In recent years, PayPal Credit has helped to power the company’s strong earnings growth. Today, roughly 6% to 7% of the firm’s revenue comes from PayPal Credit, and it accounts for a similar percentage of total profits, said Lisa Ellis, an analyst at Bernstein Research.
PayPal Credit’s value to the company’s shareholders goes beyond the income it generates, since the product generates more spending on the PayPal network. Many shoppers who use PayPal Credit do not have other payment options. PayPal has stated that merchants who adopt the product see a 20% to 30% lift in total payment volume.
“The lending business is a strategic business for PayPal,” said Gil Luria, an analyst at D.A. Davidson & Co.
At the same time, credit quality is a growing concern. PayPal’s consumer lending business reported a net charge-off rate of 6.4% at the end of 2016, up from 5.9% one year earlier. Loans and interest receivable that was more than 90 days past due rose from 3.9% to 4.1%.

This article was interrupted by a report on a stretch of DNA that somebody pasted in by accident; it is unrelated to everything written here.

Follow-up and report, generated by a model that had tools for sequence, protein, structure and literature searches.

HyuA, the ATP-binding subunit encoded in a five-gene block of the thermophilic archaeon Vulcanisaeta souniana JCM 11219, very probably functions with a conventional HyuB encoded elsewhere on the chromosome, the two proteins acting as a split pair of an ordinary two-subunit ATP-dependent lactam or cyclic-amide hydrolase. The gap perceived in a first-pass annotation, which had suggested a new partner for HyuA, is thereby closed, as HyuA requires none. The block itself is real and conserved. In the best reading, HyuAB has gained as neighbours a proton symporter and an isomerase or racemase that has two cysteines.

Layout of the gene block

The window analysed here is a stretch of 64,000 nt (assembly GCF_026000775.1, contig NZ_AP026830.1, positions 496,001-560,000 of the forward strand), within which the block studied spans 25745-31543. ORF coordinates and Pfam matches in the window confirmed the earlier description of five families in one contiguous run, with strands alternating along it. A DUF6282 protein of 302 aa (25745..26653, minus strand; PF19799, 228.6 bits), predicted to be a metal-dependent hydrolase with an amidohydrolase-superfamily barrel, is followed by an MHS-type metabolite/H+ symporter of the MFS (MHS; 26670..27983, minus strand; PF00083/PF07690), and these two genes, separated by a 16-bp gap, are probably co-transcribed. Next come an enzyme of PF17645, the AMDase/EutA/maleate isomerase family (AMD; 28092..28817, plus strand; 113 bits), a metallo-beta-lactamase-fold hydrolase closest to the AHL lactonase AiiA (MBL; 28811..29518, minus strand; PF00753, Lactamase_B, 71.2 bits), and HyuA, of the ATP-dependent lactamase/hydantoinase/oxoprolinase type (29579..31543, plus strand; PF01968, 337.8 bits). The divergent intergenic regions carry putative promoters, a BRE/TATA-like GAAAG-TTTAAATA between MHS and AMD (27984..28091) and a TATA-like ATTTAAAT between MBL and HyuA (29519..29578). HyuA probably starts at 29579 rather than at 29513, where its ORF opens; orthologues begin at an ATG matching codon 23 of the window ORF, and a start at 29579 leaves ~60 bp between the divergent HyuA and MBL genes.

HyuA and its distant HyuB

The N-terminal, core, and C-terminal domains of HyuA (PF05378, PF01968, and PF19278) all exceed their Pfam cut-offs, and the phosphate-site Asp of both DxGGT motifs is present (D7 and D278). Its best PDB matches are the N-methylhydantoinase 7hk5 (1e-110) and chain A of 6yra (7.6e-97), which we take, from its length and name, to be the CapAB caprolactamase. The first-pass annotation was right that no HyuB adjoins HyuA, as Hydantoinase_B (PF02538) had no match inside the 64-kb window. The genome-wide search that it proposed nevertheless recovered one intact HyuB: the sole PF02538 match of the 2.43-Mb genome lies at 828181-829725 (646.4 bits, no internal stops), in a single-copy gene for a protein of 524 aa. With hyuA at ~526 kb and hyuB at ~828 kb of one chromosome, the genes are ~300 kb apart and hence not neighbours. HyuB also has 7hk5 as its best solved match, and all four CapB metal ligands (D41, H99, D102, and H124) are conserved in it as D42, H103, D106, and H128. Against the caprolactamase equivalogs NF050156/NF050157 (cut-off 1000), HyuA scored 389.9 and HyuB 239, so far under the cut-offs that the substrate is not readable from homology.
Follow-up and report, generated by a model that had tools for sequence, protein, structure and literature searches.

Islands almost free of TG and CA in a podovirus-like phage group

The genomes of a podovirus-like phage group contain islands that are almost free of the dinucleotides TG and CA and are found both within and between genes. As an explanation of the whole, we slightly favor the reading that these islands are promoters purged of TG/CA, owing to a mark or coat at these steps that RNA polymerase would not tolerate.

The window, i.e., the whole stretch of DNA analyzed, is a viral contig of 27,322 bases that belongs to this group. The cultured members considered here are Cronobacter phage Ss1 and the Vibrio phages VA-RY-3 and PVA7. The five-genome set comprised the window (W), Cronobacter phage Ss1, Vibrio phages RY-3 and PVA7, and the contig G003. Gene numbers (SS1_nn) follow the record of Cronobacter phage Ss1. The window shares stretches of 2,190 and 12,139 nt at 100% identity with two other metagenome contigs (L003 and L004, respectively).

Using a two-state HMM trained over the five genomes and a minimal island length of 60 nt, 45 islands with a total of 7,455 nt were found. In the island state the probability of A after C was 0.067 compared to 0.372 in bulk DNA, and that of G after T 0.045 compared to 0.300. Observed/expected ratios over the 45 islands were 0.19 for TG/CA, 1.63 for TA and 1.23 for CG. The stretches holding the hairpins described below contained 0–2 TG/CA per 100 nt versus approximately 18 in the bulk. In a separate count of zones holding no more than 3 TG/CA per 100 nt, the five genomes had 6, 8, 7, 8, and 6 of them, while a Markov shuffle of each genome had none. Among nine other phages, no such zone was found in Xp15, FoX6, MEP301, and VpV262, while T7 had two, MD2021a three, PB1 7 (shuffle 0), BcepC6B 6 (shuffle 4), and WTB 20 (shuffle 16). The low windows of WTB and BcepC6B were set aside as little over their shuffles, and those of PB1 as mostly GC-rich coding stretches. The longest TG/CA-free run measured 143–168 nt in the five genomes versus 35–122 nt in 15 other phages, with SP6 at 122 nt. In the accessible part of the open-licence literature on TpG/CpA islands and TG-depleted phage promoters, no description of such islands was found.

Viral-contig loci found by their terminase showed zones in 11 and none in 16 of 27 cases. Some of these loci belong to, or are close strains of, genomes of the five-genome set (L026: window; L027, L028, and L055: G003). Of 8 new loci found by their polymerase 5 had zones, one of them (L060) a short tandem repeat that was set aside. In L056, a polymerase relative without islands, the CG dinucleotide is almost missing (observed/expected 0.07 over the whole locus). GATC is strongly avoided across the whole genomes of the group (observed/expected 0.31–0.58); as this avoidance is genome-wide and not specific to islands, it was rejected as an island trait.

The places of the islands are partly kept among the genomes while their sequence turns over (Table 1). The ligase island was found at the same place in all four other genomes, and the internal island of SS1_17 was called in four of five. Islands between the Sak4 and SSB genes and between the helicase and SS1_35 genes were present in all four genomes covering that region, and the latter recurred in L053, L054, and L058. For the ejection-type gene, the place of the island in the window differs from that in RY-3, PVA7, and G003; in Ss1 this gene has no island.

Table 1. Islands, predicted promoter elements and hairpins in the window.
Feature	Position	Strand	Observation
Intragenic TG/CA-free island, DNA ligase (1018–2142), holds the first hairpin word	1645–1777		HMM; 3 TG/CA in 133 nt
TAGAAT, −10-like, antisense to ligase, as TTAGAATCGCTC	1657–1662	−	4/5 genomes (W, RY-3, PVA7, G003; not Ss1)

When it comes to borrowers' likelihood to repay, PayPal faces a structural disadvantage versus issuers of cards with Visa and Mastercard logos. Since such general-purpose credit cards can be used for far more purchases, borrowers have an incentive to pay those bills first.
“Cash-strapped consumers facing difficulty meeting their financial obligations would likely view the limited utility of PayPal Credit as an excuse for placing it at the bottom of their repayment priority list,” Instinet wrote.
PayPal executives have indicated that they are exploring ways to reduce the company’s credit exposure.